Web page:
Members of the National Union of Metalworkers of SA (Numsa) working at petrol stations, workshops and motor dealerships down tools today.
“Nothing has changed. The strike is going ahead,” said Numsa spokesperson Castro Ngobese.
Talks were continuing with the Retailers Motor Industry (RMI) and Fuel Retailers’ Association (FRA) to resolve the impasse.
FRA CEO Reggie Sibiya said talks yesterday evening between the employers and the union were unsuccessful.
“We didn’t come to any resolution.”
He said talks would resume tomorrow at 1pm.
“We will be talking around the principles then,” he said.
Ngobese said it was impossible to say how many members were involved, but explained that the union had 70 000 members in the sector across the country.
They worked as, among others, fuel attendants, or in workshops, dealerships and engineering.
Filling stations visited by Sapa in northwestern Johannesburg had few petrol pump attendants on duty today.
Most of those who could be seen on the forecourts were in “civilian” dress rather than the familiar uniforms of the branded retail petrol outlets.
An attendant in casual attire filled a Sapa staffer’s car, but said he was taking a “very big risk”.
Asked if he feared intimidation or even violence, the young man mumbled and added: “It’s better not to talk about this.”
The staffer’s vehicle was the only car on the usually jam-packed forecourt situated on a busy Johannesburg suburban through road.
Sibiya said he visited five garages in Johannesburg and they were all operating, although some employees had not arrived for work.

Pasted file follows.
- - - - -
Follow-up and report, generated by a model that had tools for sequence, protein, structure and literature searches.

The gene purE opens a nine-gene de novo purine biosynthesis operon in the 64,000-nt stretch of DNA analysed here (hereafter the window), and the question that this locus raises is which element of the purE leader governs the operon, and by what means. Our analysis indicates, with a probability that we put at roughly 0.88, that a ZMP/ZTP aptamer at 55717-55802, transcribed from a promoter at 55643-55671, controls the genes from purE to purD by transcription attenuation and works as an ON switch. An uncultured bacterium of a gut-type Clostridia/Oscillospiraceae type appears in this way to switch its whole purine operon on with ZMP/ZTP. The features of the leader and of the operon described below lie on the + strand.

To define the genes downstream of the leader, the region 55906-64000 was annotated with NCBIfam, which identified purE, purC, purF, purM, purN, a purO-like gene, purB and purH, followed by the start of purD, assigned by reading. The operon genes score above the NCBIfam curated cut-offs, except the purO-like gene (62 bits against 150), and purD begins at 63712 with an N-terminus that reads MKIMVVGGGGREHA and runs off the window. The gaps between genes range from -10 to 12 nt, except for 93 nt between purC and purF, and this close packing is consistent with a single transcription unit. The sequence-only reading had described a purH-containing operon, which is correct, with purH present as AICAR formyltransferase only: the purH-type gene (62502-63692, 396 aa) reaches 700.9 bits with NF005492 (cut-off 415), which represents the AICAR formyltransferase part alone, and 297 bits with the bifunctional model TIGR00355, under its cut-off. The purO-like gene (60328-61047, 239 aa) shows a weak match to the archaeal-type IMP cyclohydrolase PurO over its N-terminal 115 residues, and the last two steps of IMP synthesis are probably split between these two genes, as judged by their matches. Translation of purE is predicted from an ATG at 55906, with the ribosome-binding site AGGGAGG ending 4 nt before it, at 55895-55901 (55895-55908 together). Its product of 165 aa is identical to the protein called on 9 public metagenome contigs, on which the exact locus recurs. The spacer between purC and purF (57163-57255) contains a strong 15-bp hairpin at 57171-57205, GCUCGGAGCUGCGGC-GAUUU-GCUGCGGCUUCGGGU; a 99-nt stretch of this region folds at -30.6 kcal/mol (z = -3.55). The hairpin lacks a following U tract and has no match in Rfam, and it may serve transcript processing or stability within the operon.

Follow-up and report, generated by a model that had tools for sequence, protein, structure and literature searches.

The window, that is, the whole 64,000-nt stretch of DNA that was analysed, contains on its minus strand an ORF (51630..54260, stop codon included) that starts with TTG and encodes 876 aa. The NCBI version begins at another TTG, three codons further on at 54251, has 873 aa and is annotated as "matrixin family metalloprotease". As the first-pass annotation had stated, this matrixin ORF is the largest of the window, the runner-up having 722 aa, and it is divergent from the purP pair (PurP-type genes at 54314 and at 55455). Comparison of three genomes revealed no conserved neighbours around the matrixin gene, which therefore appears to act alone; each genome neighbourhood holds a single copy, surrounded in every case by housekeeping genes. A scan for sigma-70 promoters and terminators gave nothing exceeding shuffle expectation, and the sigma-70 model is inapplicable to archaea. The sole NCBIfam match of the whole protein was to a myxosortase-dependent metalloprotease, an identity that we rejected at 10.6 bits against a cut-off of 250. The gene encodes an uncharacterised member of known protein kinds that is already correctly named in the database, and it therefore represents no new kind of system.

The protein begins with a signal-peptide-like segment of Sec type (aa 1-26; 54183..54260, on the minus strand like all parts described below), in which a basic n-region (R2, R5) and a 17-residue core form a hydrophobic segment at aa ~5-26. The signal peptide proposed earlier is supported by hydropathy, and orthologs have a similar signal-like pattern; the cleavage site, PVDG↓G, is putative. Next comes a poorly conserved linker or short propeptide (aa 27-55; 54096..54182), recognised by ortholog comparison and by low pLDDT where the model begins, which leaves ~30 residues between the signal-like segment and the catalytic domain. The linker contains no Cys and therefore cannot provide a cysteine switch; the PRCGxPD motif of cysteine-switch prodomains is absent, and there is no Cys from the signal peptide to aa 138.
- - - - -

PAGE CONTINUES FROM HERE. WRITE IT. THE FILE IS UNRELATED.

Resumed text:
“We have hired temporary labour,” he said.
SABC radio news reported that petrol attendants were blocking the entrance to the Ultra City on the N4 near Middelburg.
The Congress of SA Trade Union (Cosatu) came out in support of the strike.
“The Congress of South African Trade Union pledges its full support to the strike by 70 000 members of the National Union of Metalworkers of South Africa (Numsa) working in garages, components, workshops, automotives and dealerships,” it said in a statement.
“They have tried to persuade these stubborn employers to pay a decent wage to these low-paid workers but have been left with no alternative but to withdraw their labour.”
Cosatu called on its members to join the pickets and demonstrations across the country.
Numsa was demanding a 20% wage increment across the board and a 40-hour working week with full pay.
The union wanted a one-year bargaining agreement to be put in place beginning on September 1 2010, and ending on June 30, 2011.
“Our demands to the RMI and FRA are consistent with the African National Congress’ electoral commitments of creating decent work and sustainable livelihoods for the workers and the poor,” the union said in a statement last Tuesday.
A march would take place in Bellville, in the Western Cape, where a memorandum of demands would be handed over to the RMI.
Sibiya said on Tuesday the gap between what it could offer and Numsa’s demands was “too huge”.
He said a “huge wage adjustment” of 68% was introduced in 2007 to bring the industry in line with minimum living wage expectations.
This was followed by above-inflation increases in 2008 and last year.
Sibiya said FRA had signed an agreement with the union preventing intimidation and victimisation.